The total nitrogenase activity of the nodules (Table (Table3)3) formed by the two knockout mutants showed a degree of reduction similar to that of the wild-type strain. However, the fact that the specific nitrogenase activities were not altered in these mutants suggests that regulation by ACC deaminase is involved only in the early stages of nodule development, not in nodule function (i.e., nitrogen fixation inside the bacteroids). Guinel and Geil (13) proposed that the main site of ethylene action was at the interface between the epidermis and the outermost cortical cell layer when the infection threads progress towards the nodule primordia. It is possible that R. leguminosarum bv. viciae 128Sm can finely reduce the ethylene level in pea roots through the action of its ACC deaminase, which would allow progress of the infection threads inside the cortex.

The ACC deaminase high-expression mutant of R. leguminosarum bv. viciae 128Sm performed like the wild-type strain for all of the parameters tested in the nodulation assay, suggesting that under laboratory conditions, above a certain threshold, a higher level of ACC deaminase activity does not enhance nodulation further. It is possible that plants use a regulatory mechanism other than ethylene, such as a cytokinin-mediated regulatory process (37), to control the number of infections by Rhizobium to reach an optimal number of nodules, so that the host plants can obtain enough fixed nitrogen and at the same time withstand the energy cost of nitrogen fixation.

Ethylene production can be induced by many environmental stresses, such as pathogens, flooding, heavy metals, and mechanical wounding (1). Although a strain that expresses high levels of ACC deaminase does not promote nodulation under normal laboratory conditions, it is possible that a higher level of ACC deaminase activity would help the infecting rhizobial cells decrease the larger amount of ACC produced by plants under such stress conditions and thus obtain better nodulation efficiency.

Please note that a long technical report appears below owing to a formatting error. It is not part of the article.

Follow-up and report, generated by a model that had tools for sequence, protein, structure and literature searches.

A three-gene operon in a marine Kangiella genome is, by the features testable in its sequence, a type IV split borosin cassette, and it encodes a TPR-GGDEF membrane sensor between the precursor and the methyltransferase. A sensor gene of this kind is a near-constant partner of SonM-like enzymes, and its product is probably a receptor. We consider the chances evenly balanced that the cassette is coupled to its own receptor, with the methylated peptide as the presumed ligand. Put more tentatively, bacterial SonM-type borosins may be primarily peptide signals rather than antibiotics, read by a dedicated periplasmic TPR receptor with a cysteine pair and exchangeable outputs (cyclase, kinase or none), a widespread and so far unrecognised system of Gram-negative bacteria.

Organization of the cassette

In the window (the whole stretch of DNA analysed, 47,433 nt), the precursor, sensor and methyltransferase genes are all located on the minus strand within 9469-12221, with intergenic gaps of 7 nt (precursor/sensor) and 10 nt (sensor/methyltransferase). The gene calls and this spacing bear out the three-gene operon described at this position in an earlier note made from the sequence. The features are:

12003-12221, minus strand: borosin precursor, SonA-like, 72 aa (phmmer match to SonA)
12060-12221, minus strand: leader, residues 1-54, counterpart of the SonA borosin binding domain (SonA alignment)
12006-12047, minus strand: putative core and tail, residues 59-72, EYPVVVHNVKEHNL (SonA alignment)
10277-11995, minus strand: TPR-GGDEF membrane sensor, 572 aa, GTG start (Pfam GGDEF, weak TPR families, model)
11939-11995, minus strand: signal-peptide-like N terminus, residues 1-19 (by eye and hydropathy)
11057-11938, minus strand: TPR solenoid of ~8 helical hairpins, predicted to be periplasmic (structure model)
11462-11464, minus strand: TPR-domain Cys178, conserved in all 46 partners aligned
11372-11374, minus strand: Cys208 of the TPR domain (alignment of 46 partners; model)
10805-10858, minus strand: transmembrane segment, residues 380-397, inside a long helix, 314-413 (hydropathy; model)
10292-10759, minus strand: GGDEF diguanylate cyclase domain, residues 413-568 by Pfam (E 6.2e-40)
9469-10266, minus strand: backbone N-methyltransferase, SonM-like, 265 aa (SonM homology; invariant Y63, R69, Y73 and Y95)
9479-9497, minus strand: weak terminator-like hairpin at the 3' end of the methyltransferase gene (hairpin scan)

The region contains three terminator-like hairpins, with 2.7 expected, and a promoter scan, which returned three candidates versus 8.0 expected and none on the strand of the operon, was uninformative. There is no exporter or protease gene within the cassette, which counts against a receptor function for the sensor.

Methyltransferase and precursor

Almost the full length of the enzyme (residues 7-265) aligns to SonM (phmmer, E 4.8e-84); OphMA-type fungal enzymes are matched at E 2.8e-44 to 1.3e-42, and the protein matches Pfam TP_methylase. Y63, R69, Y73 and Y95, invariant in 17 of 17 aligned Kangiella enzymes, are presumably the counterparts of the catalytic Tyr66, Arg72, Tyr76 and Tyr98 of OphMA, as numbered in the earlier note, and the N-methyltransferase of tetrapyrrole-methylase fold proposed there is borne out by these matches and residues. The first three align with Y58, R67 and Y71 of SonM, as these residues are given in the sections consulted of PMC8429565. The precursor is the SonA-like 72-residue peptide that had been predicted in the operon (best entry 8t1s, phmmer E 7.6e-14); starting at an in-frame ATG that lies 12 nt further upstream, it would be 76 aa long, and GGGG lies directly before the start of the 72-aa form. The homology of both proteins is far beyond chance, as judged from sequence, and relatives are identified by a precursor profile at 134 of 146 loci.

In addition to the acdS gene isolated from R. leguminosarum bv. viciae 128C53K in the work described here, there are four other potential ACC deaminase genes that were revealed by genome sequencing of four rhizobial strains, Agrobacterium tumefaciens C58, B.japonicum USDA110, and Mesorhizobium loti MAFF303099 and ICMP3150. The deduced amino acid sequences of these genes are highly conserved (average level of similarity, about 80%). Sequence comparisons also revealed the presence of a gene encoding a truncated ACC deaminase on symbiotic plasmid pNGR234a of Sinorhizobium sp. strain NGR234. The deduced 42-amino-acid sequence encoded by this partial gene exhibited 79% identity and 91% similarity with the sequence of the ACC deaminase from R. leguminosarum bv. viciae 128C53K. It is interesting that the gene encoding the ACC deaminase in M. loti ICMP3153 and the DNA fragment encoding the truncated ACC deaminase in Sinorhizobium sp. strain NGR234 are located on the symbiotic island (35) and the symbiotic plasmid, respectively, in these bacteria. Our Southern hybridization results also showed that the R. leguminosarum bv. viciae 128C53K acdS gene is located on one of the endogenous large plasmids (>100 kb) (data not shown). This suggests the possibility that there was horizontal transfer of the putative ACC deaminase genes from other microorganisms, particularly other soil bacteria.